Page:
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“It’s very important to enable more people of all abilities to play video games on a level playing field”

“It’s very important to enable more people of all abilities to play video games on a level playing field”

SpecialEffect is one of a number of organisations that worked with Microsoft to create the adaptive controller - a step towards ability inclusion by creating a jack-of-all-trades gamepad.

The charity’s founder and CEO Dr Mick Donegan says that the collaboration began life with a visit to Microsoft's Seattle headquarters..

“Bryce Johnson, the Senior Inclusive Designer at Microsoft, introduced us to the concept of the controller,” he says. “Initially some of our team visited the Xbox Accessibility Lab in Seattle and were shown an early prototype of what would become the Xbox Adaptive Controller.”

“We then worked together to contribute our thoughts on the features and design of the controller, and have since been involved in testing and giving feedback on the functionality of the prototypes and interfaces from a user-centred perspective. A key part of that has been to provide links to suitable testers for the prototype from people we’ve been working with through our projects using other hardware solutions.”

Donegan says that it's important for differently abled gamers to have access to control options, but until now these have tended to be more DIY affairs

“The main issue is getting access to an appropriate control device,” he explains. “We feel it’s very important to enable more people of all abilities to play video games on a level playing field.” Differently abled gamers have been throwing together their own hacked-together controllers for years, accounting for all sorts of physical challenges.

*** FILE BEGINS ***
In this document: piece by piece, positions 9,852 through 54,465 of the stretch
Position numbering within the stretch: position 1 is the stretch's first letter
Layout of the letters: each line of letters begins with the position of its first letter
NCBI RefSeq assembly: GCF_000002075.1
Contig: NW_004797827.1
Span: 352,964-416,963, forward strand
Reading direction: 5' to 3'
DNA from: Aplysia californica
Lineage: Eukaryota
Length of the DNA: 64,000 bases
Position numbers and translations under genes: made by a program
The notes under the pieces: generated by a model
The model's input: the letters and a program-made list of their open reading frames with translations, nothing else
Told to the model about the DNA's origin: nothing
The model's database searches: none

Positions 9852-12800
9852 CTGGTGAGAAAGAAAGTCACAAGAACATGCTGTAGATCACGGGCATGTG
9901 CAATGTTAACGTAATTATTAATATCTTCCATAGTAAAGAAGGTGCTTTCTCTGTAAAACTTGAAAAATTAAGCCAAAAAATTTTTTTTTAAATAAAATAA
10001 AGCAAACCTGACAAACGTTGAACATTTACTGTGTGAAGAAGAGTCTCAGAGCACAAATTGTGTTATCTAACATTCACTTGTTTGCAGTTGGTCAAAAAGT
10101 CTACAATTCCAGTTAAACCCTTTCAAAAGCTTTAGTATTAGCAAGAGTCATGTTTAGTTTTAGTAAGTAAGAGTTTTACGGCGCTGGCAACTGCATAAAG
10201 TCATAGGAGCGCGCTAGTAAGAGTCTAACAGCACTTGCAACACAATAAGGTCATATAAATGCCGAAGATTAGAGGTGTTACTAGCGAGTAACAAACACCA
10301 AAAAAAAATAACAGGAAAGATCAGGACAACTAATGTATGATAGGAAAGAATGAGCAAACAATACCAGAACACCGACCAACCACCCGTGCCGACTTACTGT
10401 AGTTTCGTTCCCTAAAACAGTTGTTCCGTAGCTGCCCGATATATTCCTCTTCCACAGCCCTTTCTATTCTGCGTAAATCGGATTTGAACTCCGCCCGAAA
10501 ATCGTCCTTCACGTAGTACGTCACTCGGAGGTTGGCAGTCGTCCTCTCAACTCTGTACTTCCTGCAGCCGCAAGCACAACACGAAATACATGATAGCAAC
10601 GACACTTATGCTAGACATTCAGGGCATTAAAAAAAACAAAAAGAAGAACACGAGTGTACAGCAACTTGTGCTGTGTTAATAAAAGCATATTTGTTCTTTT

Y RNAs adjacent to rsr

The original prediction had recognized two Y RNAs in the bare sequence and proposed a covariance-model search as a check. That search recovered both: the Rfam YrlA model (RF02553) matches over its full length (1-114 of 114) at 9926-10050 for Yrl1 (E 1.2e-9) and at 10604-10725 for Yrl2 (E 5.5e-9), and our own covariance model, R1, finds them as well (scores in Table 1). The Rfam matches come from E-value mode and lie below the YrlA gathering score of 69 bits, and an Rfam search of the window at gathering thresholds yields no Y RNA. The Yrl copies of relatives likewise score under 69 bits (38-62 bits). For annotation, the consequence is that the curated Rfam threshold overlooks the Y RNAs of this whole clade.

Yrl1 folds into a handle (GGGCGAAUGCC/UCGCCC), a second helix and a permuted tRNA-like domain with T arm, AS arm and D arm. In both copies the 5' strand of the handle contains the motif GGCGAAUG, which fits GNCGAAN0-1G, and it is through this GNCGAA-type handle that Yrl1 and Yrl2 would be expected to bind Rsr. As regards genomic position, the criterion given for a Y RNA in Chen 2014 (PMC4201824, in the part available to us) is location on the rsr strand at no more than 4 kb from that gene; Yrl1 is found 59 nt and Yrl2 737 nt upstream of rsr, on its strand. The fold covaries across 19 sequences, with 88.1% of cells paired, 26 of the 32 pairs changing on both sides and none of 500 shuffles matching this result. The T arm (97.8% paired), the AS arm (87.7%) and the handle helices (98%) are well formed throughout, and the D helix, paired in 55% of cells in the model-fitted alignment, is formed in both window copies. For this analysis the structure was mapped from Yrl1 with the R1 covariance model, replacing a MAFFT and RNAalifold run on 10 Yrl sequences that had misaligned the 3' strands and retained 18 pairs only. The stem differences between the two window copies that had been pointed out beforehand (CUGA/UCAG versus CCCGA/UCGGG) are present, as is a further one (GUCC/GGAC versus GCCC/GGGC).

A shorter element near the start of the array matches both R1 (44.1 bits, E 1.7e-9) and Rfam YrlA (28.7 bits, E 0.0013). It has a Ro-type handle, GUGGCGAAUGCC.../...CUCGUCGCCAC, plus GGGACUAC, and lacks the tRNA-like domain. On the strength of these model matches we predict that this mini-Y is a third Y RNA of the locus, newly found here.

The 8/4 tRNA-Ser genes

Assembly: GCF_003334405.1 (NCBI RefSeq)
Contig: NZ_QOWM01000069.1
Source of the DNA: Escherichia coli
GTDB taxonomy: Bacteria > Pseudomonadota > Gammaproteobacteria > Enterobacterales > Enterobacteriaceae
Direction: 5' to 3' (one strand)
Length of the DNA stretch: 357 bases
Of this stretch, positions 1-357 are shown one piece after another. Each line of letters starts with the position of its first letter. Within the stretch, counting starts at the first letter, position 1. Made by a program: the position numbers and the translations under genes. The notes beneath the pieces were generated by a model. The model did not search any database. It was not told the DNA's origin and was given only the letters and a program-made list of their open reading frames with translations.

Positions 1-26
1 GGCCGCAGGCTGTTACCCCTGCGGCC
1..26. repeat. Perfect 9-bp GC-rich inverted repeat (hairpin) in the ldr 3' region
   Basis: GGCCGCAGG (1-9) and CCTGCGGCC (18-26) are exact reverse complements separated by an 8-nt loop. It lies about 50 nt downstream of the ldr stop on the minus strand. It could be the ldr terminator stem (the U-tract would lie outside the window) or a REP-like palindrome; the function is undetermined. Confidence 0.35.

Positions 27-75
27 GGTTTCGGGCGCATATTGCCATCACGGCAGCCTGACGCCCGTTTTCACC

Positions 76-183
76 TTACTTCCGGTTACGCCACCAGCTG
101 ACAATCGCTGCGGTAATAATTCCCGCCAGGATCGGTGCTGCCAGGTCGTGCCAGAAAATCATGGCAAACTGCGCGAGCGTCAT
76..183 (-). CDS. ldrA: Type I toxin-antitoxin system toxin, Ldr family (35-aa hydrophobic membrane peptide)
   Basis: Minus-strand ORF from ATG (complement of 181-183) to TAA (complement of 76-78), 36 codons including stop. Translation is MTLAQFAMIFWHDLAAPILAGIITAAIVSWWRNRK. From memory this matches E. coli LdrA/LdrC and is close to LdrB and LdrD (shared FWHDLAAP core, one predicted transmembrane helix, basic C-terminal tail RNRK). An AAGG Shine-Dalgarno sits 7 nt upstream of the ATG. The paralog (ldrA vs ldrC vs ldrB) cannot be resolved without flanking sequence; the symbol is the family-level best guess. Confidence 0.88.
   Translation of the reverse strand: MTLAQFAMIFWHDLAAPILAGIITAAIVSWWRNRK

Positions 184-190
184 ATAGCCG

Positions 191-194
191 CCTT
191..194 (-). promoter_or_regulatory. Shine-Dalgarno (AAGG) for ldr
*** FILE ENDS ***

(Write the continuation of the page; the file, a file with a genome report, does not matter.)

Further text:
These are usually technically challenging and come with great expense, so why has it taken so long for a major manufacturer to take interest?

“To be honest, we don’t know,” Donegan says. “We’re just delighted that Xbox have come up with this well designed and accessible device.”

What’s the next step once the Adaptive Controller hits store shelves, then? Donegan explains that SpecialEffect won’t be sitting on the project; the company is already outlining plans to support the gamepad, and help those who need it make the most of its functionality.

“It would be sharing ideas on how to make the most of the Xbox assistive controller as it allows for highly customised setups,” he describes. “As well as introducing people to the controller and helping them to create their own setups through our face-to-face project work, we will be contributing to the sharing of ideas through videos that will be available on our website.”

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Staff Writer

Natalie Clayton is an Edinburgh-based freelance writer and game developer. Besides PCGamesInsider and Pocketgamer.biz, she's written across the games media landscape and was named in the 2018 GamesIndustry.biz 100 Rising Star list.

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